However I believe that you could do a wire wrap for a 3.5ns rise time, the boards I was showing had closer to 1ns rise time specs. I am not saying they worked perfectly, but they worked good enough that we didn’t have top go to an alternative.

      Also they used to wire wrap ECL back in the day. :)

        1. Of course ECL was better suited to w/w since it had differential I/o I use a drill to twist w/w wire together to make twisted pairs with about 120 ohms Zo. Also Beldon makes a wrappable coax that has 30 awg center conductors and a 30 awg shield drain. Zo is 93 Ohms. I still w/w up one offs and protos because I can!

      1. I have done dead bug mods with “eye opener” chips on our proto @3Gbps as a proof of concept for the next rev. when we went into SI issue with a certain FPGA vendor. That worked well enough for some cases. Eventually (2 or 3 rev spin) later, we figured the root cause – FPGA substrate (package) routing crosstalk issue by accident – our CM installed a part wrong. Parts of the FPGA didn’t work, but finally all the high speed links works.

        BTW we had up to 26 layers PCB and by then further increase in layers didn’t help in routing as vias starting to block routing channels. Because of having to not exceed aspect ratio (via diameter to board thickness), the vias now takes more space. Anyways that board was pushing our PCB vendor’s layout limits and they had to fix it for us. Yes, we had to deal with controlled impedance, dielectric loss at high frequency and even the via stack has turn into stub that we had to drill them out. We have done lots of SI simulations.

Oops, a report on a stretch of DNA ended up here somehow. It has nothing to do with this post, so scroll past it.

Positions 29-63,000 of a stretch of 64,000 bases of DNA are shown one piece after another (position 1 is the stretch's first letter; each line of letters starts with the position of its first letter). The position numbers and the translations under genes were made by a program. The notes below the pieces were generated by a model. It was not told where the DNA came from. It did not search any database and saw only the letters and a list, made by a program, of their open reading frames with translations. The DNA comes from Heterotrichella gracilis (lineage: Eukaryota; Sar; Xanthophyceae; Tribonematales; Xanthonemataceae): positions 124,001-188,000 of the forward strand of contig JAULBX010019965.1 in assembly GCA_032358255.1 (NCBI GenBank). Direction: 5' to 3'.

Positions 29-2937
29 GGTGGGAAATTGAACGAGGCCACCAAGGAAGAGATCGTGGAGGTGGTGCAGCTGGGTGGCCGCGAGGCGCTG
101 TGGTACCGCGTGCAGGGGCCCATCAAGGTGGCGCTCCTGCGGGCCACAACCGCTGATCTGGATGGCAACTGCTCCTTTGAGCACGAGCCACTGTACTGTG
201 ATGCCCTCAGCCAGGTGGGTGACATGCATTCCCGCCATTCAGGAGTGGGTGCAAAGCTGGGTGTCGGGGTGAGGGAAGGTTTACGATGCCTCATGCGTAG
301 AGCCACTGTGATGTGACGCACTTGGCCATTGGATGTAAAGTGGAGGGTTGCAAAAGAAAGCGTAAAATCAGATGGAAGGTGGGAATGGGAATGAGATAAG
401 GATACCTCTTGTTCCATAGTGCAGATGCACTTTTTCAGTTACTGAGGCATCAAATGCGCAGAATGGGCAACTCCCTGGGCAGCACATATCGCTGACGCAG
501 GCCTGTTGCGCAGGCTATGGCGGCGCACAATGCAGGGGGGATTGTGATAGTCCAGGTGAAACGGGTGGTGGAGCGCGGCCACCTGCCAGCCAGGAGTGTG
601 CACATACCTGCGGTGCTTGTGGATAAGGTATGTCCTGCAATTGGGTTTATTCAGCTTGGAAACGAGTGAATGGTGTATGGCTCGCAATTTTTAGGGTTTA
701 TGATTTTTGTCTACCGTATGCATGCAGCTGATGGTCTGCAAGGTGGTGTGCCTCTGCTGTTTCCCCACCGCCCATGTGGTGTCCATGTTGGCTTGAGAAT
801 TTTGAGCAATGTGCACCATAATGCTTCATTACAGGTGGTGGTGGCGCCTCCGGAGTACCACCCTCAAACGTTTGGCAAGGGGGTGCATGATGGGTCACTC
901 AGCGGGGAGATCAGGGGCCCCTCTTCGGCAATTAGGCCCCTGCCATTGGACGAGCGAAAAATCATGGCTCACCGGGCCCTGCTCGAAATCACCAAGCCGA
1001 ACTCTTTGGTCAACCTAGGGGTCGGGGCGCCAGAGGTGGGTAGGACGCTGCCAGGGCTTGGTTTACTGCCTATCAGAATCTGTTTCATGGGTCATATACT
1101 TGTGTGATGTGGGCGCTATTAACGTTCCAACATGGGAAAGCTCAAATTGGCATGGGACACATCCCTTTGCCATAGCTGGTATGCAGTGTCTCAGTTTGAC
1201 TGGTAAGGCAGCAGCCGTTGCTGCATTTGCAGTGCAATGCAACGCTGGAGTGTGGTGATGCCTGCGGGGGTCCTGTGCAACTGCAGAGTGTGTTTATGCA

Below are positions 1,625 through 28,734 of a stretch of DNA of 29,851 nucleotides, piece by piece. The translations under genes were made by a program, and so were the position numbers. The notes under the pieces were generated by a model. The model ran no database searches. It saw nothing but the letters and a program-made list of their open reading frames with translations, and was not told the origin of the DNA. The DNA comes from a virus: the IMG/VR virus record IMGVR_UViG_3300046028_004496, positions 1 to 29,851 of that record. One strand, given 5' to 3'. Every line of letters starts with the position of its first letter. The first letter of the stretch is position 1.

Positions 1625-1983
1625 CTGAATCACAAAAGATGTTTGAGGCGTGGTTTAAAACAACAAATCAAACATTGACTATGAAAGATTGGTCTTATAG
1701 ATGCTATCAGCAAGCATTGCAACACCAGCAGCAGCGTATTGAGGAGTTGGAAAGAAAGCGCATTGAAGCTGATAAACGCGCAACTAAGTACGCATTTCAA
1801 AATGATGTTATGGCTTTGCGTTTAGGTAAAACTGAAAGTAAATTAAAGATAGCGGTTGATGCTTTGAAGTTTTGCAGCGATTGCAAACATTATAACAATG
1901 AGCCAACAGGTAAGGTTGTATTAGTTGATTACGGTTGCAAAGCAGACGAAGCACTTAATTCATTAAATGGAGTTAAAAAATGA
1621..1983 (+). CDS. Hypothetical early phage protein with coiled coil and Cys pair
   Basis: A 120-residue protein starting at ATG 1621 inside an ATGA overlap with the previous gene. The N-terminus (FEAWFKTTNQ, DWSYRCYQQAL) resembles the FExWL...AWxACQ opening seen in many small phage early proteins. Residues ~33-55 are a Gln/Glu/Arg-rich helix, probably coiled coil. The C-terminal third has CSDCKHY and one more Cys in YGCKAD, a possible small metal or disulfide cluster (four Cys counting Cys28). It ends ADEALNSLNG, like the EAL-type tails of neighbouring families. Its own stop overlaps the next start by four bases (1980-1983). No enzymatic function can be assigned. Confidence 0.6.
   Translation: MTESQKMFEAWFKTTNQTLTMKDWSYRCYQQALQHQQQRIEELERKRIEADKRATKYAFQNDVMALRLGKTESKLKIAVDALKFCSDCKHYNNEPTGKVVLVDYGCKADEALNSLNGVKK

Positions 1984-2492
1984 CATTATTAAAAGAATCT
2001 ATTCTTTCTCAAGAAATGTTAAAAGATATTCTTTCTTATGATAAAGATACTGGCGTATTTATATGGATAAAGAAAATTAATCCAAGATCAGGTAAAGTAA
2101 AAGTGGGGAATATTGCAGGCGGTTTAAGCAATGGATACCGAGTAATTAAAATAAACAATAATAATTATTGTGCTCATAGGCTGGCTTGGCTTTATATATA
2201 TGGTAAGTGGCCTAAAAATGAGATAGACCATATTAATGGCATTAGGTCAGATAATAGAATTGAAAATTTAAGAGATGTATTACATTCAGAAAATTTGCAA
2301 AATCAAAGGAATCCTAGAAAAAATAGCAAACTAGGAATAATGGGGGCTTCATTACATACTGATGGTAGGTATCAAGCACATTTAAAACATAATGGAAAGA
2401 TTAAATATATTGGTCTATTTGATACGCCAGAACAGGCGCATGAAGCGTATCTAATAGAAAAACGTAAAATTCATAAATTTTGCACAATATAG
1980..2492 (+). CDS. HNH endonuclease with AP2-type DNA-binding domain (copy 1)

I read much later about our OEM competitor quit much sooner in a similar situation and switched to the FPGA vendor. Then the big dot com bubbled blew up shortly after we got the darn thing to work. :(

  4. The million dollar question is – where can you buy cheap wire wrap IC sockets.

    I have a project that I am working on that wire wrap would be useful for as it runs at too high a frequency to work on bread board.

    Wire wrap was excellent for progressive design. No need for yet another prototype PCB, just make the changes to what already exists.

    The other problem today is that have to get everything to DIP or some 0.1″ configuration as only DIP (0.1″) is available in wire wrap, but have to get everything to DIP anyway to use breadboards.